Definition of gut in English:
- If the President lined up every world leader in a line and systematically punched each of them in the gut in the name of unilateral diplomacy, would you still vote for him?
- All of this has got to cause a churning in his gut.
- Sims' basslines were jabs to the gut - physical in the extreme.
- Different strains infect different tissues and organs - lungs, guts, kidneys, livers, brains or reproductive systems.
- A stoma is an artificial opening to or from the intestine (which is also known as the gut or bowel) on the abdominal wall usually created by a surgeon.
- In some the problem has a behavioural basis, whereas in others there may be subtle neuromuscular abnormalities of the gut.
- Imagine trying to remove the guts of a cow or chicken once every minute.
- My father cut the shark open, removed the guts, cut the head off, and then preserved him in ice.
- Cut off the heads, remove the clear coloured backbone and remove the guts to leave a large opening at the head end.
- They look like the inner guts of extraterrestrial watches.
- There are ten cables spilling out of a socket in the kitchen, white tubes that remind me of the guts of the robot in the Alien movie.
- Somebody is selling a music player whose guts have been swapped with the innards of what looks like a $2 miniature toy electric guitar.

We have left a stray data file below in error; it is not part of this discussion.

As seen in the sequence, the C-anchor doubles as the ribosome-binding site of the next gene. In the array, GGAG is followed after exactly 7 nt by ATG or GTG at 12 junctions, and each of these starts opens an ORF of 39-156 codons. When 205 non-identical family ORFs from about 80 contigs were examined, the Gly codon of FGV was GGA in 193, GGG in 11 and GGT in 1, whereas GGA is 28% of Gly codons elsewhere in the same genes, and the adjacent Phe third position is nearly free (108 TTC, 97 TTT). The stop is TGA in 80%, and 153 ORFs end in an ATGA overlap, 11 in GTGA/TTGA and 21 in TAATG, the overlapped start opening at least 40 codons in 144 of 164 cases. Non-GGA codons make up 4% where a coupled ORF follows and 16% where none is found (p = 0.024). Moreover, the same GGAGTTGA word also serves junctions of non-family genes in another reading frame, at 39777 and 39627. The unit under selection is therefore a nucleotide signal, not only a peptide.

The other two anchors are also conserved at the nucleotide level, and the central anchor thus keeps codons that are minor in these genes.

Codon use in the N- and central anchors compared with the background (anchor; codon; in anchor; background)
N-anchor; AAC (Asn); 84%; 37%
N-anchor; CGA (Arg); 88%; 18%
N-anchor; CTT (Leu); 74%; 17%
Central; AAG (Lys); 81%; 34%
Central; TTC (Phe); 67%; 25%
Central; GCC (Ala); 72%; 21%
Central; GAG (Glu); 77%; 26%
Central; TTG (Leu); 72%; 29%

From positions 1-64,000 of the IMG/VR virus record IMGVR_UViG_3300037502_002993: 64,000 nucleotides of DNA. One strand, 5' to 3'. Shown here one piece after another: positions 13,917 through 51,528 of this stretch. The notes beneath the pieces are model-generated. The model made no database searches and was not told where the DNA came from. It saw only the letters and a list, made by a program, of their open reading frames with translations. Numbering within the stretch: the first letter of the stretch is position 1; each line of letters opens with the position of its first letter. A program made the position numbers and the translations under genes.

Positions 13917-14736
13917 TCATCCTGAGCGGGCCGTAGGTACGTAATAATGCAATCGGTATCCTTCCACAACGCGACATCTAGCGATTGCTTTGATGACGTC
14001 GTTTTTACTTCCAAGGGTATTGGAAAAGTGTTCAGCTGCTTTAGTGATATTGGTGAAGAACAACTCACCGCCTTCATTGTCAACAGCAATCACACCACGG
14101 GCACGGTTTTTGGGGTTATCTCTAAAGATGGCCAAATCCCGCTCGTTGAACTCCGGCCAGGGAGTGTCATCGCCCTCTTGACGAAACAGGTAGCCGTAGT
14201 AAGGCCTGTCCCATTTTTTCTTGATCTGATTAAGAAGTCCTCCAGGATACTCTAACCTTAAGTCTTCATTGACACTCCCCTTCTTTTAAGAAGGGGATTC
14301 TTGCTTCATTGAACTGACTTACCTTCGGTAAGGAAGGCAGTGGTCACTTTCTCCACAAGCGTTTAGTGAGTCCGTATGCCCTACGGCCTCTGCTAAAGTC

- With the exception of a certain Glaswegian misery guts, just about everybody in English football would like to see him make it.
- Do you live with or work with or are you married to a real misery guts?
- Plus, he is an absolute misery guts with no apparent sense of humour.
- I don't frankly like to base myself on instincts or gut feelings about this.
- We commonly think of the intuition as a strong feeling, instinct, or gut reaction.
- But you should develop the capacity to reflect on gut feelings rather than acting on them impulsively.
- We needed lots of guts, determination and character to win the game - and we need to do that for the rest of the season.
- He is proof that there are many young people with principles, guts and determination and it's time we started respecting them for it.
- Yarnbury moved out of the bottom three as sheer guts, determination and spirit saw them through.
- The instrument itself was made of wood, with gut or horsehair strings.
- It's like a pear-shaped instrument, the body is covered in skin, and the strings are made of gut.
- Tchaikovsky's strings were gut rather than metal and were played with little vibrato.
- McHale was trudging through the gut ahead of me at the side of the boat when he suddenly vanished at a spot marked only by the float of his hat.
- Most bumps in the Rowing-On divisions took place below the gut, leaving spectators not much more to observe than the bizarre attire of various crews.
- Various tours are available by speed boats that take you for the most spectacular views, even up the gut to laugh in the face of El Diablo.
verb (guts, gutting, gutted)[with object] Back to top